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What is a regency, and how would it work if the King’s health worsens?

William and his father Charles (John Stillwell/PA)
William and his father Charles (John Stillwell/PA)

With the King being treated for cancer, the sovereign’s ill health has raised questions about whether there could be the need for a regency in the future.

If Charles was incapacitated, the Prince of Wales could be appointed Prince Regent through the Regency Act 1937, taking over the King’s duties.

However, Prime Minister Rishi Sunak has said the King’s cancer has been “caught early”, suggesting any prospect of a regency is unlikely at this stage.

King Charles hospital visit
The King has started treatment for cancer (Lucy North/PA)

If needed, it would be the first time in more than 200 years that the British monarchy has required a regency, with the last Prince Regent being the future George IV.

Here is an explanation of what a regency means, and how and why it would take place:

What is a regency?

A period of regency allows the King to transfer his powers as monarch to the Prince of Wales without having to abdicate.

Does this mean William would be king?

No. The King would still be the monarch and head of state.

State Opening of Parliament
William at the State Opening of Parliament in 2022 (Alastair Grant/PA)

But William would be able to perform royal functions in the name of and on behalf of Charles.

What would prompt a regency?

The Regency Act 1937 states that the monarch’s duties will be performed by a regent if the monarch is declared to be “by reason of infirmity of mind or body” incapable of performing royal functions, or if there is “evidence that the Sovereign is for some definite cause not available for the performance of those functions”.

Royal visit to Bath
The Queen is among those who can approve a regency (Ben Birchall/PA)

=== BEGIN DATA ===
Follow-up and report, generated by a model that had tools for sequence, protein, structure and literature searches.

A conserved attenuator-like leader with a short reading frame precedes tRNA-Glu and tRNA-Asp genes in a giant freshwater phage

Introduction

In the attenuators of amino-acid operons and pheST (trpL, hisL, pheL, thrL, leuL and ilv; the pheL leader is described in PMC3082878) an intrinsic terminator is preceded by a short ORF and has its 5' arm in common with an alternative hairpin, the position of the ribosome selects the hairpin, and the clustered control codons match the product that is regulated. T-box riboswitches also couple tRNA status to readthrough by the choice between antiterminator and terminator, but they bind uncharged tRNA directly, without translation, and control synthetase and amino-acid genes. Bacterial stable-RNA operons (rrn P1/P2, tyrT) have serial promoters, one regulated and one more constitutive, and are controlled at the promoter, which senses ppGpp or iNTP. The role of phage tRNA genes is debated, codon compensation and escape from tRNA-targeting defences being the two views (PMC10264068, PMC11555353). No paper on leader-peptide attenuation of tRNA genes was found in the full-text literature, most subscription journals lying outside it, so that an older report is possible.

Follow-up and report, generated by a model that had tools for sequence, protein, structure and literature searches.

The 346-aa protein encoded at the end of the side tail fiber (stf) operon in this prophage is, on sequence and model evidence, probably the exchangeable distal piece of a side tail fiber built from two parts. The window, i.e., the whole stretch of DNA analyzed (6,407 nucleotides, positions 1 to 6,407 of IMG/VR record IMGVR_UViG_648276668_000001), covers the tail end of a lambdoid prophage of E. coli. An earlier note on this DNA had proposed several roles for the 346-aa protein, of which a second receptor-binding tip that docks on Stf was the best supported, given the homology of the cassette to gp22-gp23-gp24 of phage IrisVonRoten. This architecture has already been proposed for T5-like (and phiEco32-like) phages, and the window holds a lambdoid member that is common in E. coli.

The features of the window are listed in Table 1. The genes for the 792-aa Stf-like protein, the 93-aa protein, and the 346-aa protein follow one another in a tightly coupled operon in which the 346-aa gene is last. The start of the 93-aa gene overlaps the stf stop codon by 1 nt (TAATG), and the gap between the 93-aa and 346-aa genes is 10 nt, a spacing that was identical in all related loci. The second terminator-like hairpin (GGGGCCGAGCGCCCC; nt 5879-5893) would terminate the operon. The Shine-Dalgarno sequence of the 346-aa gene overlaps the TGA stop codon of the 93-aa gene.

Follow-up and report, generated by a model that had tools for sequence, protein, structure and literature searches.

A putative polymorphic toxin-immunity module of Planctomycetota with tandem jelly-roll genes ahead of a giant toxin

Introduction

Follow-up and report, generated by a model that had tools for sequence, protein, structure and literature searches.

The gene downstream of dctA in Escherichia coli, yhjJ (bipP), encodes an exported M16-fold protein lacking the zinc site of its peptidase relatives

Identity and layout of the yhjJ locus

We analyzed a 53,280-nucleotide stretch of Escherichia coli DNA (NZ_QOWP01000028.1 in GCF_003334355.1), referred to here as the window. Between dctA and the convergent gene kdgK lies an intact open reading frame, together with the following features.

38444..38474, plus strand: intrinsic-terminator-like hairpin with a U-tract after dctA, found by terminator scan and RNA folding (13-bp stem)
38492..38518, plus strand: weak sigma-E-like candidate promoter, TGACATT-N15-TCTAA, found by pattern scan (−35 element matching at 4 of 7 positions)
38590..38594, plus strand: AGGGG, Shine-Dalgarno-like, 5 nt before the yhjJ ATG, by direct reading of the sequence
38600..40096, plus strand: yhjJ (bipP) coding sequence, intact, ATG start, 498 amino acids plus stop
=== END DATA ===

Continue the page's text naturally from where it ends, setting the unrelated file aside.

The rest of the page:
This must be declared in writing by three or more out of the following: the sovereign’s wife the Queen, the Lord Chancellor, the Speaker of the House of Commons, the Lady Chief Justice and the Master of the Rolls.

Charles has no say and does not need to agree with their decision.

Why wouldn’t the King abdicate instead?

The abdication of the late Queen’s uncle Edward VIII in 1936 sparked a major constitutional crisis and the royal family has never forgotten its devastating impact.

Royalty – Duke and Duchess of Windsor
The Duke of Windsor – the abdicated Edward VIII – and Duchess of Windsor (PA)

The King made a “promise of lifelong service” in his first address to the nation when he became the monarch.

Why couldn’t the King just step aside?

The British monarchy is also a sacerdotal monarchy – as part of his coronation, the King went through a consecration ritual which is similar to the consecration ritual a priest goes through.

You can retire from being an active priest but you are still a priest until you die.

Edward VIII abdicated before he was crowned.

Why couldn’t William just act as a Counsellor of State?

A regency is a longer term solution than temporary Counsellors of State.

But Counsellors of State cannot perform certain core constitutional functions, such as Commonwealth matters, the dissolving of parliament, except on the King’s instruction, creating peers and appointing a prime minister.